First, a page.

PORT TOWNSEND — The sea was not kind to Team Ripple Effect earlier this month when rower Eliza Dawson’s quest to study the effects of humankind on the planet, especially the sea, abruptly ended.
One of her three crew mates fell seriously ill and the team elected to abandon the Great Pacific Race and its opportunity to investigate first-hand the Great Pacific Garbage Patch composed of plastics.
Dawson, an atmospheric scientist and an NCAA champion rower who grew up in Port Townsend, had trained hard for 10 months in anticipation of the event and prepared scientific experiments to complete along the way.
On June 6, Dawson and her international teammates, Emma Rogers, Mariana Cadore and Anna Kirkin, left Monterey, Calif., to begin the 2,400 nautical mile trip to Honolulu in an ocean rowing vessel.
The race, which was originally scheduled to begin June 2, was delayed due to strong offshore conditions.
During the first five days of the adventure the relentless weather had taken its toll on the teams.
Each of the five teams was tossed around by the seas.
Team Attack Poverty’s boat capsized and its two rowers suffered hypothermia. They had to be rescued by a passing cargo ship.
Team Ripple Effect had to change its strategy because wind speeds never dropped below 20 knots and wave heights reached 12 feet.
Three crew members had to row in these conditions instead of the planned two, meaning only one crew member could rest at a time. The team was making good westward progress and was in second place on Race Day 5.
According to Dawson’s blog post, on June 12 her teammate Kirkin fainted at the oars.
Dawson got Kirkin into the cabin and tended to her, warming her and checking her vital signs.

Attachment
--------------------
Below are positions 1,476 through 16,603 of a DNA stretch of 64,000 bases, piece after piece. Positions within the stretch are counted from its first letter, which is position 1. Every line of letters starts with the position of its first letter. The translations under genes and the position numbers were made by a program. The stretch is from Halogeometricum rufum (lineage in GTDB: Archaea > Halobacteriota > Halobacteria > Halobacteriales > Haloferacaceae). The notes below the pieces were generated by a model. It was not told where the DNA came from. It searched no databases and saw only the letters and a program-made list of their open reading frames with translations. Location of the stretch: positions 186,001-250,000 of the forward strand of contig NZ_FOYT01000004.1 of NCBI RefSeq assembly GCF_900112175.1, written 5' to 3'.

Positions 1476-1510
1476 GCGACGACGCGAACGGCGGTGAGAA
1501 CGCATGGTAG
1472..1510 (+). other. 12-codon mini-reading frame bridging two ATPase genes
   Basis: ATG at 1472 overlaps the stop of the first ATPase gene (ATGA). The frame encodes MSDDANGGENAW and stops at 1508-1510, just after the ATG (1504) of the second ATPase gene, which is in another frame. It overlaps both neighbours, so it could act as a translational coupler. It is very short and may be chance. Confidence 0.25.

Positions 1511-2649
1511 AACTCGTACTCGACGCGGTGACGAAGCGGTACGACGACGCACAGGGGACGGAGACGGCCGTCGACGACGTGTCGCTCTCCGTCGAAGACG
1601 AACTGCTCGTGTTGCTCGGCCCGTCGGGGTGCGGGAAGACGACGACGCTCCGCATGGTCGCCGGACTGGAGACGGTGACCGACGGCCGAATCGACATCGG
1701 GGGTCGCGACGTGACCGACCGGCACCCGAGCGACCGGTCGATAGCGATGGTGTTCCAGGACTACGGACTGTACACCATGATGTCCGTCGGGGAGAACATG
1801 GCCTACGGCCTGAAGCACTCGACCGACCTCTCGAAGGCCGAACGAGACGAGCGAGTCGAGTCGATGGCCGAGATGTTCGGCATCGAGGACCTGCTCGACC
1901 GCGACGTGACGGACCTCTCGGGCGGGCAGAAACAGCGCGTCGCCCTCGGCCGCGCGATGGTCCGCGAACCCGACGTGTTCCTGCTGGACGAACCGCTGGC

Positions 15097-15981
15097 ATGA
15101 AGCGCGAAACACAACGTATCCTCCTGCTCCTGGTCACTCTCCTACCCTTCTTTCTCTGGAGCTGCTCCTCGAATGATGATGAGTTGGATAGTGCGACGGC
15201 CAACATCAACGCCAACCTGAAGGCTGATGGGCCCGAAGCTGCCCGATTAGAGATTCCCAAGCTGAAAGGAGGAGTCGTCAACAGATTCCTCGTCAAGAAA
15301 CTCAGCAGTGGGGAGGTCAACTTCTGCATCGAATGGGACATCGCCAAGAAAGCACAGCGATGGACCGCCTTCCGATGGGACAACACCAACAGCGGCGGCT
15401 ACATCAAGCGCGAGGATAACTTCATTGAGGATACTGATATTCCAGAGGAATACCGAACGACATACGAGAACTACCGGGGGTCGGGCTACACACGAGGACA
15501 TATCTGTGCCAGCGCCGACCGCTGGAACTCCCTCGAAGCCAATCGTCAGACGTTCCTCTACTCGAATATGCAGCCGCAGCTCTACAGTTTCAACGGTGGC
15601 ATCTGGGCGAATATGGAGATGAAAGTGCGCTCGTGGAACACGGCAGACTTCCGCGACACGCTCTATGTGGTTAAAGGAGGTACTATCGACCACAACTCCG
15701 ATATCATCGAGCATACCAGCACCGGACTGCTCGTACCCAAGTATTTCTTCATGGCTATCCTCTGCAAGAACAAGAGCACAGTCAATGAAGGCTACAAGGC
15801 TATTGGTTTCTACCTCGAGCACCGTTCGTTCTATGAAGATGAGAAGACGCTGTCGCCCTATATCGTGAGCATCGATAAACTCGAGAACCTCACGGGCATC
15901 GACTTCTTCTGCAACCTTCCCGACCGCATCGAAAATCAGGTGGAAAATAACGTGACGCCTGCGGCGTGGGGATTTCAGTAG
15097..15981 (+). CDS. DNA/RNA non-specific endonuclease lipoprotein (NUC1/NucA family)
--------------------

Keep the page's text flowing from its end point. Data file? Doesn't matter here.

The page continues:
Kirkin made the difficult decision to leave the race which meant the remaining crew, who desperately wanted to continue, had to retire.
After receiving medical attention, it was determined that Kirkin had a kidney infection as a result of being dehydrated and hypoglycemic.
“I never give up so having a crew member become overpowered by the Pacific was traumatic on a number of levels and crushingly disappointing,” Dawson wrote in a statement to the Peninsula Daily News.
“I’m glad she is getting needed medical treatment, but I really wanted to still be out there.”
Although disappointed to not be able to bring awareness to climate change, Dawson has a new plan.
During the first two weeks of July, she will cycle 400 miles through the Alaskan and Canadian wilderness, viewing rapidly receding glaciers, wildlife and beautiful scenery.
“I remain determined to bring awareness to the impacts of climate change and am looking forward to documenting my cycling journey,” she wrote.
Dawson will attend Stanford University in a PhD program for climatologists. She’ll study radar and use models to improve scientists’ understanding of ice sheets and aid in improving sea level rise predictions.
Jefferson County Editor/Reporter Jeannie McMacken can be reached at 360-385-2335 or at [email protected].